Across the nation, an estimated 20 million people—7 percent of the US population—have diabetes. As many as 40 million more teeter on the edge of the illness and are classified as pre-diabetic—meaning they have insulin resistance and higher-than-normal blood sugar levels that indicate they’re heading toward diabetes. But even for pre-diabetics, the disease isn’t inevitable: Weight loss, a healthy diet, and consistent exercise can significantly cut the risk of developing diabetes.

Research also suggests certain herbs can help regulate blood glucose levels by boosting production of insulin or by slowing the absorption of sugar from the intestine. Along with lifestyle modifications, consider adding the following plants to your medicine cabinet to help keep your blood sugar in check. But before you do, consult your healthcare professional.

II Gymnema (Gymnema sylvestre)
Also called gurmar, or “sugar destroyer,” the leaves of this woody climbing plant are traditionally used in ayurvedic medicine to treat high blood sugar. Several studies confirm long-term use of the herb holds promise in lowering blood glucose levels. In one 47-person trial conducted in India, blood glucose levels fell by nearly a third, on average, in type-2 diabetic patients given 400 mg of gymnema extract for a year and a half. David Winston, an herbalist in Washington, New Jersey, and coauthor of Herbal Therapies and Supplements: A Scientific and Traditional Approach (Lippincott, 2001) suggests 5 ml of tincture, three to four times a day.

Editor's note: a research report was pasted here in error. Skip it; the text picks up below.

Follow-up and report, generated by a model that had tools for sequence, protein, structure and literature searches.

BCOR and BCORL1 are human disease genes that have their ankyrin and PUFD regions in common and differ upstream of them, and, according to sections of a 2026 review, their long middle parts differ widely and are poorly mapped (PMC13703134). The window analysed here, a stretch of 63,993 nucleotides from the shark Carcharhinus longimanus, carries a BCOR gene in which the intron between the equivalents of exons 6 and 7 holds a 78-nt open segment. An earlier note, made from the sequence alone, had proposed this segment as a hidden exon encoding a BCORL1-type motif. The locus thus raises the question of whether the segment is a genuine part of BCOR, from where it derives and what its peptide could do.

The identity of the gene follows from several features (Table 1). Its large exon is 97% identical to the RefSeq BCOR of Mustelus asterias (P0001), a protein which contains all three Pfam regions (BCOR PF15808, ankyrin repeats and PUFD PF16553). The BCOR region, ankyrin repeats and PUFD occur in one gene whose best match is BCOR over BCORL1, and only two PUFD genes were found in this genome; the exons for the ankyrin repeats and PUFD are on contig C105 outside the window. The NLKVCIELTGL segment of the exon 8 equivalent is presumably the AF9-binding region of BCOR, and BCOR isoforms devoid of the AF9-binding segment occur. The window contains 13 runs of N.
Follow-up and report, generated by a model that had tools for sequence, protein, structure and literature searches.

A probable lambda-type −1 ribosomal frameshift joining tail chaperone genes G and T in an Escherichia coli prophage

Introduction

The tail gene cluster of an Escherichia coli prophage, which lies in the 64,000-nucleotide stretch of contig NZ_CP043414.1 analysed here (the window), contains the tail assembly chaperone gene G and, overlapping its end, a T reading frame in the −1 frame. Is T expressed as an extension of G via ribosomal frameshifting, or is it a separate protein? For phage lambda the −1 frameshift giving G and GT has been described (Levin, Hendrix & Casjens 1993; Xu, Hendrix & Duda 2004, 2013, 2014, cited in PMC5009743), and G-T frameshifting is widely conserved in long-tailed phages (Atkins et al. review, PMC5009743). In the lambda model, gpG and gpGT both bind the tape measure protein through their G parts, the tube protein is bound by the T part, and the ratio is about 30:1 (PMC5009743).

II Cinnamon (Cinnamomum cassia)
Researchers at the Department of Agriculture kicked off the current wave of interest in the use of cinnamon for diabetes when they found that a constituent in the spice improved cells’ sensitivity to insulin. A 2003 follow-up study published in Diabetes Care asked 60 type-2 diabetics to take 1, 3, or 6 grams of cinnamon in capsules or a placebo each day for 40 days. The cinnamon group reported a drop in blood levels of glucose, fats, and cholesterol of up to 30 percent. Karta Purkh Singh Khalsa, a registered herbalist in Eugene, Oregon, and author of Body Balance (Kensington, 2004), recommends 6 to 10 grams a day in capsules. Additional studies show other forms of cinnamon may also prove helpful, including tea brewed from 3 grams of ground cinnamon bark a day (and drunk throughout the day), or a dash of the ground spice—1/2 to 11/2 teaspoons—in food each day.

II American ginseng (Panax quinquefolius)

The research supporting ginseng’s efficacy is “among the best available for herbs,” says Ryan Bradley, a diabetes specialist at the Bastyr Center for Natural Health near Seattle. Ginseng is an adaptogenic herb with a broad range of healing and protective effects, and it may fight diabetes in several ways. Researchers think components called ginsenosides stimulate cells within the pancreas to make more insulin. American ginseng may also help the body remove glucose from the blood and slow i...